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Hasheem Thabeet saddened by the death of Nelson Mandela, one of his idols

by Anthony Slater Modified: December 6, 2013 at 1:20 pm •  Published: December 6, 2013
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The reaction to Nelson Mandela’s death was collective on Thursday, with a mix of sadness and global admiration coming from all corners of the world.

And that included a variety of NBA players, who expressed their gratitude for the legacy left behind by one of South Africa’s, and the world’s, greatest humanitarians.

But of those, it may have hit Hasheem Thabeet, a Tanzania native who remains active in African communities, the hardest.

On Thursday, Thabeet posted this message and photo on his Instragram: “WORDS CANNOT EXPRESS HOW I FEEL… REST IN PEACE MADIBA. YOUR WORDS AND WISDOM WILL LIVE ON WITHIN US FOR GENERATIONS. FATHER OF AFRICA | TRUE LEADER | TRUE KING.”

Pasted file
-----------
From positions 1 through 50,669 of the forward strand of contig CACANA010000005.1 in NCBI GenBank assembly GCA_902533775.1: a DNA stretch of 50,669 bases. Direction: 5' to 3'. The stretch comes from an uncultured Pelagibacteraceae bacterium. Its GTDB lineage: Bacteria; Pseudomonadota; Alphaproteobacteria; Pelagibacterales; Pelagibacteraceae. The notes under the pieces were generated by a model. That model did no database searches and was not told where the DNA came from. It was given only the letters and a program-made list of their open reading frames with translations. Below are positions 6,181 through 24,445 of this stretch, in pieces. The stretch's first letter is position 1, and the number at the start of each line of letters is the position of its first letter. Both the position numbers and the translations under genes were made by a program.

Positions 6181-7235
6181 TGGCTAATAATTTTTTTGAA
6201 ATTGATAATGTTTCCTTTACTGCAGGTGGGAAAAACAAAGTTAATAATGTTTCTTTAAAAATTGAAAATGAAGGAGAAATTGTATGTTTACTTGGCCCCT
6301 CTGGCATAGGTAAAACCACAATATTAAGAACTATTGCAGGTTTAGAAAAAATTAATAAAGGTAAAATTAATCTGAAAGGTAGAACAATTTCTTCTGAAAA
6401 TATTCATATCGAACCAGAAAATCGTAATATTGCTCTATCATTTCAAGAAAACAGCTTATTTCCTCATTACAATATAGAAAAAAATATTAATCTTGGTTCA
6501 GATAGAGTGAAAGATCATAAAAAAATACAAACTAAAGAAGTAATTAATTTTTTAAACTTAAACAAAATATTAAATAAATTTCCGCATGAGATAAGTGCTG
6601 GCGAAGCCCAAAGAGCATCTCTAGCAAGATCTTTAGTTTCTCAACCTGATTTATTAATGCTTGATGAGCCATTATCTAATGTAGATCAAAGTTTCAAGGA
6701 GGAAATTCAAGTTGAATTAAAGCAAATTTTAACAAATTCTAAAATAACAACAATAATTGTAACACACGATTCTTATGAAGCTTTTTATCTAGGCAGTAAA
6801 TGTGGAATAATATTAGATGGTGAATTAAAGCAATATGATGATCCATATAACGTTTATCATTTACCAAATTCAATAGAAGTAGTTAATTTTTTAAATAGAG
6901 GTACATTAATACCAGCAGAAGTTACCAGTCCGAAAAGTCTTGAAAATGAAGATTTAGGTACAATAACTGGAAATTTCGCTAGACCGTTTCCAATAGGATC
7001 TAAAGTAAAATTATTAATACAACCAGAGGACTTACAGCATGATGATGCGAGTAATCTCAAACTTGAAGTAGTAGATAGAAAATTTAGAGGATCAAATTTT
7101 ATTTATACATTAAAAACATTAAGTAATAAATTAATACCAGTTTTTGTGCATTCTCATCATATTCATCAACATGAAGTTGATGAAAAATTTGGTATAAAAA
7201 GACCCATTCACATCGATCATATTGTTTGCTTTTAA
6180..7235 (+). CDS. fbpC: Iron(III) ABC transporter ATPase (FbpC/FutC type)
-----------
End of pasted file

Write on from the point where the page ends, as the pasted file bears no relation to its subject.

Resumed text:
And during shootaround on Friday, Thabeet expanded on his feelings toward Mandela.

“One of the people that a lot of us from there grew up looking up to,” Thabeet said. “There’s really not that many words to explain him, everything explains itself. He was a great man that was so loved.”

In the Instagram picture, Thabeet is shown holding ‘Long Walk to Freedom’, an autobiographical work written by Mandela.

“I grew up knowing about him, reading about him,” Thabeet said. “I got the book because I was going to South Africa. I went on the trip and I wanted to meet him, but at that time they weren’t taking no visitors. It’s a great, great legacy left behind for sure. Most definitely the most influential person I know.”

When asked about what impressed him most about Mandela’s legacy, Thabeet said: “Generosity. He was very generous. He believe in what he do. That’s inspirational for me. One of the most inspiring people that I grew up knowing about. Sad, sad day.”

by Anthony Slater
Thunder Beat Writer
Anthony Slater started on the Thunder beat in the summer of 2013, joining after two years as NewsOK.com's lead sports blogger and web editor. A native Californian, Slater attended Sonoma State for two years before transferring to Oklahoma State in...
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